Can your naming choices land your baby in Mensa? The data says, "eh, maybe." A group called MooseRoots, which aggregates name data for genealogy hobbyists, found something interesting when it looked at 14,750 famous brainiacs. The Nobel laureates, scientists, inventors, artists and composers it gathered all had a few things in common, but one that stands out was baby names that kept popping up over and over again.
On the blog post it wrote to introduce the findings, the company noted, "It’s much easier to climb the ranks of the elite when you have a bit of a head start. Prepare your child for greatness by giving him a name that has been borne by many accomplished people."
Interested? If you're having a little boy you hope will one day cure cancer or write an opus, try one of the following names, listed in ascending order by number of smarty-pants associated with them:
If you're expecting a little girl instead and have a feeling she's got the great American novel in her or at least the formula for time travel, you might try one of these:
Of course, there's only one problem with naming your baby into prestigious academia: It's probably the only thing that won't get them there. Sure, you can look at correlative data all you want, but you need causation to actually draw a meaningful conclusion about data sets (ask your genius baby to explain it to you if you're not sure what that means). Factors like parental income, an environment that nurtures creativity and learning and, most of all, genetics play much bigger roles than name choice.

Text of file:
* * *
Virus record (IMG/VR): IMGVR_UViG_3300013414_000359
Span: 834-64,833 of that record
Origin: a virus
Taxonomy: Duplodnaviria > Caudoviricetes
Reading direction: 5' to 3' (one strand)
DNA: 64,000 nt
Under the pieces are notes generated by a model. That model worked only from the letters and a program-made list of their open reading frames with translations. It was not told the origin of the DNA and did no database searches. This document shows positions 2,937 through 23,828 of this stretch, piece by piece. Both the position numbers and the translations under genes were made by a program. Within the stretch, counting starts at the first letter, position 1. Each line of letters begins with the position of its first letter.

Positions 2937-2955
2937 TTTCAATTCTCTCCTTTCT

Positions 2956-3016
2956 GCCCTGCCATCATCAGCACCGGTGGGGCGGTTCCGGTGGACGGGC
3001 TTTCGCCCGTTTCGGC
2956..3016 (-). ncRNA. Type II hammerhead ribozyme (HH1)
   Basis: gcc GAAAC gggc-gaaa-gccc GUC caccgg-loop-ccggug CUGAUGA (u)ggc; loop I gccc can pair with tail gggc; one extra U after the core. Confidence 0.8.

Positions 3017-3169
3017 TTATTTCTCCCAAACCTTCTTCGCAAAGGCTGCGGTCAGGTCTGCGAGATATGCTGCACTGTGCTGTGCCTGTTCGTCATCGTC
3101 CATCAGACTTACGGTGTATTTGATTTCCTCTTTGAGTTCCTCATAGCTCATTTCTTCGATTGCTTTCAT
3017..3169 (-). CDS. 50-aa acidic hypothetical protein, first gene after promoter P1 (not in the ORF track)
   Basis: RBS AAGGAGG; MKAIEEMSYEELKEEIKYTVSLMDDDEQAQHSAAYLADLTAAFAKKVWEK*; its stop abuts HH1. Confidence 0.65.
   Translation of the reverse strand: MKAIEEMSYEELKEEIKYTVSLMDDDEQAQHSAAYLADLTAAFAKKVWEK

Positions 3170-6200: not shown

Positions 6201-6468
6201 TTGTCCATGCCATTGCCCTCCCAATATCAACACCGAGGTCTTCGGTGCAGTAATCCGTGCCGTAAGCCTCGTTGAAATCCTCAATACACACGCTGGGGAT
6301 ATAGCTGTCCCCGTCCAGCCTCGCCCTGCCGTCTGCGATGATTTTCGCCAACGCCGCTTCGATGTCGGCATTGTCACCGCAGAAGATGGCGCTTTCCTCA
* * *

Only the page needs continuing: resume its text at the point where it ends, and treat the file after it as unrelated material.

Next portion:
The fact that these names are largely European in origin and that MooseRoots had to shoehorn girls' names in when it saw that the gender balance was lopsided tells the real story. People who have historically had the privilege of both access to education and accolades recognizing their work have also — shock upon shocks — been given common, popular names, especially for the past two centuries. These names will pop up on lists of "Most common names of [insert desired result here]" if only because they are common enough to cast a wide net. After all, Elizabeth is just as likely to show up as a common name for female murderers (Borden, Bathory) as it is for geniuses.
Lists like this one are truly fun for the name-hunting expectant parent or stray data nerd, but that's about all it's good for. Just like that study a while back showed that by tacking more initials onto your kid's name could trick other people into thinking they were successful, this is just one more gimmick that certainly won't hurt to try but that can't stand on its own as a "raise a successful genius strategy."
We all want our children to do well, and we all secretly hope they'll be geniuses who go on to do amazing things, but a name is just a drop in the bucket, and ultimately it's everything you'll do after you name your baby that actually matters.
Also worth remembering is that while we've traditionally associated genius with IQ, geniuses come in many, many forms. It's safe to say that Vincent van Gogh turned his brain into Swiss cheese by sticking those lead paint-saturated brushes into his mouth, but we wouldn't exclude him from the ranks of artistic greats just because his IQ didn't clear the high bar. The more we learn about "multiple intelligences," the more we discover that IQ doesn't measure a person's potential sufficiently.
So name your child whatever you think suits them. If it happens to be "John" and they happen to discover a way to invent automatic transport travel, more's the better.
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